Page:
Has God Spoken is a detailed review of the evidence supporting the authenticity of the Bible. Hank Hanegraaff skillfully presents differing types of evidence to expound upon the accuracy of scripture. The book is laid out in a simple structure comprised of 4 acronyms: Manuscript COPIES, Archeological SPADES, Prophetic STARS and Scriptural LIGHTS. Using this accessible format, Hanegraaff makes sense of what could otherwise be an overload of information. The topics range from copyist practices to Assyrian archeology and from the Epic of Gilgamesh to the typological prophesies of the Old Testament.

Hanegraaff’s presentation of this historical evidence is anything but dry! Indeed he seems to make the Bible come alive with background information that breathes new revelation into age old stories. While I honestly admit to being a Christian, I found the information in this book compelling and thoroughly researched with plenty of endnotes for further study.

There were a few personal preference objections I had to the way the author wrote the book. First, the author seems wholly too sold on the power of alliteration for my liking. Take this example from page 16:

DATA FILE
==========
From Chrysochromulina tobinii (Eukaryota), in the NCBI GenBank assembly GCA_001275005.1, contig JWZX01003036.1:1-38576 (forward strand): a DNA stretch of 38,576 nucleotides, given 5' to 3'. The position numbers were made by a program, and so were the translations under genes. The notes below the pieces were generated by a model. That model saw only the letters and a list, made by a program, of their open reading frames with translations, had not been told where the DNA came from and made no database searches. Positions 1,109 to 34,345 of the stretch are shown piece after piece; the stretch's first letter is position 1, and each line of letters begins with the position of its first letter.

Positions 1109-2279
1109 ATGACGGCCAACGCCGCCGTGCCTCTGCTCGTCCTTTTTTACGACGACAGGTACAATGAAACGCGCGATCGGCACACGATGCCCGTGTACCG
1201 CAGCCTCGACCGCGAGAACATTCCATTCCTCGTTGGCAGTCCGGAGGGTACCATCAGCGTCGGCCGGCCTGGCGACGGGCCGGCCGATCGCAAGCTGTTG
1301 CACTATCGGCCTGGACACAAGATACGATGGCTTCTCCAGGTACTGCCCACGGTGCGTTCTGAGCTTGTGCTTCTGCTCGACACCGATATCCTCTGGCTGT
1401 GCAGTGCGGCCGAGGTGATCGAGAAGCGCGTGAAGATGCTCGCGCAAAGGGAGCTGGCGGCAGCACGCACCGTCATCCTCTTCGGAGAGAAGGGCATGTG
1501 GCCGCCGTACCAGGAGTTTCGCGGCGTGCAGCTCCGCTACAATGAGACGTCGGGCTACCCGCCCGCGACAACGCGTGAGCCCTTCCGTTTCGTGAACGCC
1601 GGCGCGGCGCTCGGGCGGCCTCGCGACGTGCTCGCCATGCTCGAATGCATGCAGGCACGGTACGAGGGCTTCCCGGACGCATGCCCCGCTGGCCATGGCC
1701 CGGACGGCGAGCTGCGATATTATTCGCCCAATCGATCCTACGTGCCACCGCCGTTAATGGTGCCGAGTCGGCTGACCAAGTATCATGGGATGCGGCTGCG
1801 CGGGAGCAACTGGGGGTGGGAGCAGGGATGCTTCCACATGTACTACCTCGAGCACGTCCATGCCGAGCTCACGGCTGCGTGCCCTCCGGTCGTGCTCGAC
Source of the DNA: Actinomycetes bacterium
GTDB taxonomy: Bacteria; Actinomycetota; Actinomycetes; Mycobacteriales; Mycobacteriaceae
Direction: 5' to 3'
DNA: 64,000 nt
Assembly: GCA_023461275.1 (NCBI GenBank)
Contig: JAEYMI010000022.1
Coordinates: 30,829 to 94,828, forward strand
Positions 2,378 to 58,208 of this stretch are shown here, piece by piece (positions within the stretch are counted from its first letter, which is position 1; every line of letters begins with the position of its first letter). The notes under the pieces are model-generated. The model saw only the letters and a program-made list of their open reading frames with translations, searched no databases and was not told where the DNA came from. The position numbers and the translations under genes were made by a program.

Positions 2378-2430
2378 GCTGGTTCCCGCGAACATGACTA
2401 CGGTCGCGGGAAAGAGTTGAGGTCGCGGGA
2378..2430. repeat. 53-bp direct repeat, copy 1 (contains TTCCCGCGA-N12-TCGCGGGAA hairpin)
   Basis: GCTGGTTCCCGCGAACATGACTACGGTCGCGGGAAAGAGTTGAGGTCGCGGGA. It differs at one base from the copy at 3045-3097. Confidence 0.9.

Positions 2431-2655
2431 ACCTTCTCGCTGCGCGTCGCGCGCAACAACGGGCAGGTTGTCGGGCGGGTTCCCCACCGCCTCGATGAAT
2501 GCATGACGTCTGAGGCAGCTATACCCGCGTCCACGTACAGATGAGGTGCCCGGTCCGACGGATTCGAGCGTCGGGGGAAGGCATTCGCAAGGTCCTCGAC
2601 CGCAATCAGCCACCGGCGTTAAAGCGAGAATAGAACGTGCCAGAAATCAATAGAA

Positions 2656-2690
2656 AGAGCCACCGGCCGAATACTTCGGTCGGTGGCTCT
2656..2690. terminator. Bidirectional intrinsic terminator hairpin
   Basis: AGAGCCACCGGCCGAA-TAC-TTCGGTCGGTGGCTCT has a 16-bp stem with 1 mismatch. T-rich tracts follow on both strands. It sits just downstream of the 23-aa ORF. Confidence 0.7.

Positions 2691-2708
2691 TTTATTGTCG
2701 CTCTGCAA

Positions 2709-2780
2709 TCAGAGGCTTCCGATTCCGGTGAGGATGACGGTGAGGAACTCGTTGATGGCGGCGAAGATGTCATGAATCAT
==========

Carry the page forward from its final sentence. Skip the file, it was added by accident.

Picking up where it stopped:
In short, the contention that careless, capricious copyists created cartloads of clearly contaminated copies simply does not correspond to reality.

Secondly, Hanegraaff appears to be writing much of this book in response to research by Bart Ehrman, an obvious decrier of scriptural truth. While I obviously do not support Ehrman’s views, I am not sure I’m comfortable with how openly Hanegraaff criticizes his assertions. However, if you can read the critiques in the light of passion for his cause, Has God Spoken is a truly interesting and educational read for any faith level.



In With, Skye Jethani explores the five different positions we take in our relationship with God. “Life under God sees the world as governed by the capricious will of God. Life over God places immutable natural laws at the center. Life from God assumes the world orbits around the self and it’s desires. And life for God sees a divine mission at the core of all things” (p. 100). Jethani notes how each of these positions, though seemingly good, place something else at the center of our lives thereby disrupting our relationship with God. He asserts that the only conclusion is to live in a position of life with God.